How long have you been writing?

I have a huge notebook full of story beginnings about the most random and bizarre ideas, and characters. Creativity is definitely an attribute that I have possessed ever since I was a little kid. So, this has been a wonderful journey for me going from an ambitious, starry eyed writer, to an actual published author. I have enjoyed the continual process between characters, and the skill of keeping the reader on the edge of their seat with a surprise ending, So, I guess to answer your question I have been writing for about fifteen total years, and I first started writing seriously in high school English class. The journey has been bumpy, but the rewards far outweigh the bumps sustained.

You seem to be comfortable writing Christian fiction. Have you tried any other genres?

Let me answer that question by first saying, I do write Christian fiction, but my Christian fiction is not judgmental or preachy. I desire to write great fiction that teaches and drives home a wonderful Christian message. The message can be anything from the happiness found in our relationship with people and not things, how to deal with pain, the need to offer forgiveness when we have been wronged, and we need to honor and obey our parents. In my writing I strive to convey messages like those I have listed above. But, I am currently very much involved in writing both a children's picture book and a middle grade mystery novel. I like to keep busy.

What was it like to see your book finally come to print?

Words can barely describe the feeling to finally hold your book into print. I think it is a huge relief to finally hold the finished project in your hands. So, one adjective I would definitely say I felt was proud. The process was long, but definitely well worth it. One of the biggest mistakes I see in people today, and not just in writing is that people often get so focused on the end result whether that is a job promotion, a published book, graduating school, or a new car, we focus so much on the result we often forget the journey. I wold encourage each person reading this, whatever you do in life value the end result, but don't forget the journey you took to get the end results.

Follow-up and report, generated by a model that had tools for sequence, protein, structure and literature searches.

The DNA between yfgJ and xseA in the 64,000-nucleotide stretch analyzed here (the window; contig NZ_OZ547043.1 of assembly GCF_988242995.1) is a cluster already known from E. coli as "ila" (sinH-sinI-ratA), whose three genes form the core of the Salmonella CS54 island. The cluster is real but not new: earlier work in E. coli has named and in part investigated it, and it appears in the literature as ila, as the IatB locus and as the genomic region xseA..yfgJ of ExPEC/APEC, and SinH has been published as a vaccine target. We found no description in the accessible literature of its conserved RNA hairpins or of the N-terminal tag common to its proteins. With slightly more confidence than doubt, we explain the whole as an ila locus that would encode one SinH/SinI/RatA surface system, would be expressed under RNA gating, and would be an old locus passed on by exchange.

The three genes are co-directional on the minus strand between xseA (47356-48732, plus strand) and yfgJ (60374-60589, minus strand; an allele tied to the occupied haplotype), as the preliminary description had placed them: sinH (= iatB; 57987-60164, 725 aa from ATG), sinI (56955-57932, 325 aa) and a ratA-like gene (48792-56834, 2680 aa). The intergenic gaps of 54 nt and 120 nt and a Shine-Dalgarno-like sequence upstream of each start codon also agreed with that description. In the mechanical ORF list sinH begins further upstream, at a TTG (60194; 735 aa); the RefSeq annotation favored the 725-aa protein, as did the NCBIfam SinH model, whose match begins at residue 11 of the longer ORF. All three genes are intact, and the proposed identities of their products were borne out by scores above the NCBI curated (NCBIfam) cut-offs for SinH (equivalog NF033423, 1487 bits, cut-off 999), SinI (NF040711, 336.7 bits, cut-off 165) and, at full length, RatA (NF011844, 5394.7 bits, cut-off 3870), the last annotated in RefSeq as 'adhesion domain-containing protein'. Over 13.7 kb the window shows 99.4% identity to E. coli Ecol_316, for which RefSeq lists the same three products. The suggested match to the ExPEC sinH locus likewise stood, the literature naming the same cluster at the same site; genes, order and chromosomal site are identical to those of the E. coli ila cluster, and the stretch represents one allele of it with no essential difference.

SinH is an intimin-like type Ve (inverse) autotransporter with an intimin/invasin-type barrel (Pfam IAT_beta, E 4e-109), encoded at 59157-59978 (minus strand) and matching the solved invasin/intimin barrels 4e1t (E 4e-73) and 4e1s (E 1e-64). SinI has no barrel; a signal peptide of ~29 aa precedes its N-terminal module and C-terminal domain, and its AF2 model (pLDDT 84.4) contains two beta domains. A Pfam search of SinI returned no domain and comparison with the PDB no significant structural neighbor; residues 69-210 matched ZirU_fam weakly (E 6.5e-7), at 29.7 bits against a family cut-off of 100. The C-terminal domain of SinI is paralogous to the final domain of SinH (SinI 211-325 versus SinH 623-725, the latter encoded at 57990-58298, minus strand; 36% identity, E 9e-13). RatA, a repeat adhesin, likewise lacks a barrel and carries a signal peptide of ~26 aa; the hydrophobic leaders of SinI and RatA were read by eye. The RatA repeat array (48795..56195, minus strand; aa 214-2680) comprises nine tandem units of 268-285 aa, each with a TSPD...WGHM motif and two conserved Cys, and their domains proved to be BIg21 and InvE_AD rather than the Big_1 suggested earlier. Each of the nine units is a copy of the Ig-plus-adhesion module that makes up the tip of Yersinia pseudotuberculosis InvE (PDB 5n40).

What is your ideal writing setting?

I enjoy writing at night. I cannot explain what or why it is, but I find myself in a much more creative, richer, and fuller mindset at night. So, the time is at night, I would say anytime after 10 is probably the best time. I sit in a very comfortable brown leather chair. I have penned four books, from the comfort of this chair, so something right must come from the chair. I really enjoy watching something else while I am writing either, Seinfeld, The Office, Sports Center, or anything that is on. Those are definitely some very inspiring and culturally enriching shows, so I always inspired every time I get the privilege to write.

What is your greatest joy in penning a new story?

There are many joys in penning a new story. Having characters come to life is something magical, and I just cannot explain how it happens, but when it does it truly is a magical thing. Writing should be done not just to entertain people, but to teach and inspire people to make good decisions, to value their relationships they have with their family, and to pursue the gifts that God has given them to the fullest. I would say one of the biggest joys, and one of the biggest reasons why I write is to see the joy and happiness someone gets shortly after they finish reading one of my carefully crafted tales.

What about frustrations?

One of the biggest frustrations has to be editing. I do not consider myself to be a strong ideas writer, but grammar is something I have been lacking. However, I am definitely improving in this area. I do not mind editing, but it is something I am not very good at, kind of expensive, and one of my biggest frustrations in writing.

Who is your greatest champion?

My greatest champion has to be my father, Mark Sandell. Mark is a great example of someone who is a great leader, visionary, father, and friend. Mark has tirelessly taught all around how to make good decisions, and live life to the fullest. My father has been one of my biggest encouragers and inspirations to develop and pursue my writing talent. One of my biggest dreams and goals in my life is to become half the man my father is. I am constantly inspired and motivated to live life to the highest level I can, due to my father.

Who are you currently reading?